# Estimating the Final number of deaths in China from Coronavirus. Is the final death toll going to be less than 3000 deaths?

In another post we looked at using a logistic curve (S-Curve) to estimate the total number of deaths from Coronavirus in China.

A scaled S-Curve appears suitable to approximate death data. Here is the curve again: In another post we also looked at using a quadratic function to fit the reported death data.

Clearly the above S-Curve has half the final total at its half-way point at (0,0.5).

A scaled S-Curve will retain this feature.

The official death figures can be found at:
https://www.worldometers.info/coronavirus/ To estimate the final death total, all we need to do is first look at where we think the half-way mark is, and double that number. We assume this will occur on a half-day.

This means that the estimate for final total number of deaths will be the actual number of deaths for the day above that half-way mark plus the total number of deaths for the previous day.

We can calculate the estimated final total for all days that may be a suitable half-way mark then compare this to the number of deaths for the current day.

In a post on Monday of this week I calculated this number to be 4,135 deaths using data from 19 February (and 18 February). This total now appears too high, so we looked at data from earlier days.

Data from 14 February (plus 13 February, d=23 and d=22, where d is the number of days after 22 January 2020) gave an estimated total of 2909 deaths at a mid-point at 22.5 days (total days to reach 2909 deaths is therefore 45 days). This day (14 February) was initially chosen because it gave the most consistent figure after looking at the paired totals for each day around those dates.

The actual latest total number of deaths (For 26 February; day 35) is 2801 deaths. This includes about 50 deaths outside of China. There were only 38 new deaths on this day.

As in my previous post, we can use the actual increases from before 14 February and add them in reverse order to form an S-Curve.

We can also do the same for a quadratic fitted to the totals.

This produces the following graph: The following quadratic was fitted by “eye-ometer”:

Number of Deaths (D) = 2.82d^2+28 where d is the number of days since 22 January.

The half-way point at d=22.5 days gives 1,455.625 deaths. Doubling this number gives the final death total of  2911.5 deaths on day 45.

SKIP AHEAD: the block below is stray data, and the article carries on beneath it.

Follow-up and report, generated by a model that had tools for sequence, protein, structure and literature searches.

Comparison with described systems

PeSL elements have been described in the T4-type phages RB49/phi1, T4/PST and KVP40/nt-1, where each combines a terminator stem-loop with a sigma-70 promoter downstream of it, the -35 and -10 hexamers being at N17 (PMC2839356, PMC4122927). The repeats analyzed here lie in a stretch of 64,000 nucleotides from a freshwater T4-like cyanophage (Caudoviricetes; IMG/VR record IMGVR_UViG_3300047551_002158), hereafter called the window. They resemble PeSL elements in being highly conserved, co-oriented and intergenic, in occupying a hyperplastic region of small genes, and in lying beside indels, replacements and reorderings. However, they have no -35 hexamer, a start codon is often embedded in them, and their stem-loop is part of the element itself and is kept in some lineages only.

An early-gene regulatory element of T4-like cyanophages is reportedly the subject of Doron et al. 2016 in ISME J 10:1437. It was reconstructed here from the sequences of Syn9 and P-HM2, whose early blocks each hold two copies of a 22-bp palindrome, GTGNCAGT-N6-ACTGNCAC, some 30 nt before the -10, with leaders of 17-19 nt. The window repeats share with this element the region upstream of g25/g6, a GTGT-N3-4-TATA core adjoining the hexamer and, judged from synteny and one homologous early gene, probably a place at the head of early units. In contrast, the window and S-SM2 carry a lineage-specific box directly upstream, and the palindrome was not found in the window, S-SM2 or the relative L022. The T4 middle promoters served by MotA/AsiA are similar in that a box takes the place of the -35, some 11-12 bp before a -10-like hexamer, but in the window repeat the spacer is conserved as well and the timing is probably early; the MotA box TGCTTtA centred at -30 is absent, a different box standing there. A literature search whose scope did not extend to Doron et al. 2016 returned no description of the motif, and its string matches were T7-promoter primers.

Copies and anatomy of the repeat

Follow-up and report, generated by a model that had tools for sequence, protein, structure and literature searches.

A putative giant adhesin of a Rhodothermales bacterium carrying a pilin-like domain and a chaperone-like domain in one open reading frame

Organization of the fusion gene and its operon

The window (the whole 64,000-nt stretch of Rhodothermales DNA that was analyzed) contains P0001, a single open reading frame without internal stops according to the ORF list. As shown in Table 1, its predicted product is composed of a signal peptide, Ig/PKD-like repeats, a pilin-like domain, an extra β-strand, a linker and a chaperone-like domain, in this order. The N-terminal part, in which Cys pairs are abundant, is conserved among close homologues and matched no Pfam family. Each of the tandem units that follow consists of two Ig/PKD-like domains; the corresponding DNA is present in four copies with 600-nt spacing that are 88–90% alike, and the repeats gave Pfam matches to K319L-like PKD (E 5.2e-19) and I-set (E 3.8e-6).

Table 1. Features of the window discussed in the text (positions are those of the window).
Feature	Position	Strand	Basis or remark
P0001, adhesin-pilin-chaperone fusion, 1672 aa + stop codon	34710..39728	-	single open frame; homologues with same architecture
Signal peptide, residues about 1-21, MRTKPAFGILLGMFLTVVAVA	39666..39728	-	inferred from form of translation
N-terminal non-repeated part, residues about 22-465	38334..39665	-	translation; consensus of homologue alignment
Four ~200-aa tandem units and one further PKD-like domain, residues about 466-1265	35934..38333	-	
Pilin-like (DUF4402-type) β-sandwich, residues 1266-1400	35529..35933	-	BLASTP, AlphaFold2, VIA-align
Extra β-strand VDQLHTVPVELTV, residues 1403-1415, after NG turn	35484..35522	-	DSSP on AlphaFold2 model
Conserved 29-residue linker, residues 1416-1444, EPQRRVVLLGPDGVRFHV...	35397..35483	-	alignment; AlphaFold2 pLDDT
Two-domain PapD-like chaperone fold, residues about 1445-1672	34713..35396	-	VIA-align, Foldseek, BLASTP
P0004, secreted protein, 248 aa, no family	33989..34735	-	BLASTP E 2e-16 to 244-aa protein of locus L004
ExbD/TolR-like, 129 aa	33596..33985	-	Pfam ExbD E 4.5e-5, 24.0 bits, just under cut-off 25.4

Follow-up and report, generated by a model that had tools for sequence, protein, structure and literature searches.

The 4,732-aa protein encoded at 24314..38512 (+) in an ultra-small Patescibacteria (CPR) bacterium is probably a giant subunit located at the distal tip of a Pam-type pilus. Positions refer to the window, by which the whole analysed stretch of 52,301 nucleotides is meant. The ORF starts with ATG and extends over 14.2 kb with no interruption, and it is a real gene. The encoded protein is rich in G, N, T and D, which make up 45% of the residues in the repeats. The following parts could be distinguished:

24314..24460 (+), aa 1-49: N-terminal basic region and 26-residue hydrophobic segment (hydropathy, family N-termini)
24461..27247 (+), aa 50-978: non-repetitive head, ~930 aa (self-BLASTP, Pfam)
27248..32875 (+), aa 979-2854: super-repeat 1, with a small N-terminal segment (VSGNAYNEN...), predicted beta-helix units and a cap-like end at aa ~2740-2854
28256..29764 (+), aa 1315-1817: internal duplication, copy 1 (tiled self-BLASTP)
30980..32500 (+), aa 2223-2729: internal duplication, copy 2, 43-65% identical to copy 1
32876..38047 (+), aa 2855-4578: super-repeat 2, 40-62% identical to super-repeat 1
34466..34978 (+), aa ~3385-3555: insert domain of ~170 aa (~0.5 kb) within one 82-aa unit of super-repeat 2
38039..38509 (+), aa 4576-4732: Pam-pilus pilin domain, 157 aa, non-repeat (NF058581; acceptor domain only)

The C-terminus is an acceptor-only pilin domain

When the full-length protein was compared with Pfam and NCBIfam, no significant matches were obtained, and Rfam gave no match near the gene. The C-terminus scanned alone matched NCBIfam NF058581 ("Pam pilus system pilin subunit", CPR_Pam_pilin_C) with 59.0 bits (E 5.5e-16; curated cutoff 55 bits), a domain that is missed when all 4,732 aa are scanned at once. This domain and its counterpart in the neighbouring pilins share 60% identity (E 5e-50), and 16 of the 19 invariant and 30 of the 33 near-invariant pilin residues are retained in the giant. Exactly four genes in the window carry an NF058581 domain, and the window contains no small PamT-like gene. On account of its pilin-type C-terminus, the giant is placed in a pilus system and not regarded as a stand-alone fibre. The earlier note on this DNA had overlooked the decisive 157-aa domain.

Adding on the daily increases from the quadratic before 14 February gives 2913 deaths (very close).

We also fit (by “eye-ometer”) the following Logistic S-Curve to the data:

D = L/(1+Exp(F(do-d)))

where L=2909, do = 22.5, and F = 7.9/45

This eventually also gave a total or 2909 deaths (some days after day 45).

Here is the new graph combined with the previous graph: Note the colour change in the above graph.

Conclusions

An S-curve appears to be suitable for representing the data.

We can estimate the total number of deaths by progressively adding each day’s total to the total from the day before (we are only adding two numbers together). By looking at the actual number of deaths several days later we can choose an estimate that looks suitable. This estimate can be confirmed or rejected on later days.

From the official data it appears the final death toll in China from Coronavirus is unlikely to be less than 3000, assuming no new outbreak in China.

If not the next milestones will be 3200 then 3500 deaths.

The current number of deaths in China is about 2808  for 27 February (after about 50 deaths outside China are deducted for day 36) so 3200 or maybe even 3500 appears a more likely figure than 3000.

Already the current total (for 27 February) is about 200 more than the calculated estimates.

So the the most likely estimate for the final number of deaths appears to be between 3200 and 3500 deaths.

Alan Grace
28 February 2020

I share my posts here:
https://guestdailyposts.wordpress.com/guest-pingbacks/

Reminder: